A scleral buckle, which is made of silicone, plastic, or sponge, is placed around the outer wall of the eye. The buckle is like a belt around the eye that can be adjusted during surgery. This application compresses the eye so that the hole or tear in the retina is pushed against the outer scleral wall of the eye, which has been indented by the buckle. The buckle may be left in place permanently. It usually is not visible because it is covered by the conjunctiva (the clear outer covering of the eye), which is carefully sewn (sutured) over it. Compressing the eye with the buckle also reduces any possible later pulling (traction) by the vitreous on the retina. Retinal reattachment rates run around 80% for the first surgery and around 90% with multiple surgeries. Some retinal detachments cannot be fixed.
Retinal Vein Occlusion
Veins in your eye (known as retinal veins) are an important part of your eye’s normal circulation. They move blood out of your eye toward your heart. A retinal vein occlusion (RVO) is the blockage of one of these veins. RVO can lead to swelling of the macula, the part of your eye responsible for central vision and fine detail. This swelling can cause blurry or distorted vison in the affected eye. In some cases, RVO can lead to permanent vision loss.
RVO is a disease of the retina that affects approximately 180,000 people each year in the U.S..
What are the symptoms?
Some of the symptoms you may experience with retinal vein occlusion include:
- Blurry Vision
- Distorted Vision
Some people with RVO may not notice any symptoms. In fact, some cases are detected through a routine eye exam. So it’s important to have your eyes checked regularly. While anyone can get a retinal vein occlusion, it tends to happen to people who are over 50 years old.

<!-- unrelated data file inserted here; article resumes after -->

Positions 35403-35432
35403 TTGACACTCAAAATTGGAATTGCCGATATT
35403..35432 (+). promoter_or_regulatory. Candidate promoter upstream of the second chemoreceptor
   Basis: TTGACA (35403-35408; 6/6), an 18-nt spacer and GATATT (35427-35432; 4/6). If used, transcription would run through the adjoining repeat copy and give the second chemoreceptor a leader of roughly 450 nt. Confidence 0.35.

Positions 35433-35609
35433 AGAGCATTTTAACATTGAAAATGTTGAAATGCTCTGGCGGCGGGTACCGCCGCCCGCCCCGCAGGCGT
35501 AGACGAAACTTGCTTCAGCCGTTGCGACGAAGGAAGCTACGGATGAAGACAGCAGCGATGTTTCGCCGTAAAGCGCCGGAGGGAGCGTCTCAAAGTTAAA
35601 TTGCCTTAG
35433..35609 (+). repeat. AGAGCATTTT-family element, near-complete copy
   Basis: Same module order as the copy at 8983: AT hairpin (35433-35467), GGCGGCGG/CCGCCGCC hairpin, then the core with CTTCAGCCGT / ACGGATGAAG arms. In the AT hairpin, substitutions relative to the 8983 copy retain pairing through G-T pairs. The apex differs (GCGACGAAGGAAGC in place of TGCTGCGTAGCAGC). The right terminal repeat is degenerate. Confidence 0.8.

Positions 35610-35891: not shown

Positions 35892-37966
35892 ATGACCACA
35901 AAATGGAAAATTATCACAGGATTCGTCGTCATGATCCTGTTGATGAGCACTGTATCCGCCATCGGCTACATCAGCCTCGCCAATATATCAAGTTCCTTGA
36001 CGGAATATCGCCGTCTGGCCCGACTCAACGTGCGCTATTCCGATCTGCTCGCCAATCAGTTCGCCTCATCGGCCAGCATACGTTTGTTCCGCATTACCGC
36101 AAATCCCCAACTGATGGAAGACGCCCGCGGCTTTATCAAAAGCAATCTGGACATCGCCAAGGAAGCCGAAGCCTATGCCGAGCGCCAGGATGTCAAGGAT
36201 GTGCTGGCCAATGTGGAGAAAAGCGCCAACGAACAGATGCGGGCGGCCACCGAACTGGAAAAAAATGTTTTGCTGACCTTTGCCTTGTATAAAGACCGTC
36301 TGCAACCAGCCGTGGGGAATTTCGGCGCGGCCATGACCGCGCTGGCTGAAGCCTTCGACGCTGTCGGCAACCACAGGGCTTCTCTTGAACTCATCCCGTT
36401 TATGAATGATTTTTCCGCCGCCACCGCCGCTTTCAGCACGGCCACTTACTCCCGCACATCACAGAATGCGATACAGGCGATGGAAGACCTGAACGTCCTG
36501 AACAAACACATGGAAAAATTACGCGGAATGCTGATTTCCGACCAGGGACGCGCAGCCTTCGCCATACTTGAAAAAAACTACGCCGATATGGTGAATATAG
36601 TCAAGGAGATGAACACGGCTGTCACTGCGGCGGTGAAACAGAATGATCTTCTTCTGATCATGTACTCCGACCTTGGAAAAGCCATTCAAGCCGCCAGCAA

People with certain medical conditions have an increased risk of RVO. These conditions include:
- Hardening of the arteries
- High blood pressure
Other factors that may contribute to RVO include:
- Oral contraceptives
How will my RVO be diagnosed?
Eye exams can often detect RVO. Dr. Thomas may use a fluorescein angiography to evaluate your blood flow. Computer imaging can also capture detailed cross-sectional images of your retina. These images are referred to as OCT scans. They are used to detect and measure fluid build up (macular edema) and monitor the disease. Other tests we may perform include visual field tests that check your peripheral vision.
What should I expect from treatment?
While there is no cure for RVO, there are ways your Retina Specialist may treat your condition. Treatment for RVO may require multiple intraocular injections to maintain vision, and regular follow-up examinations over time.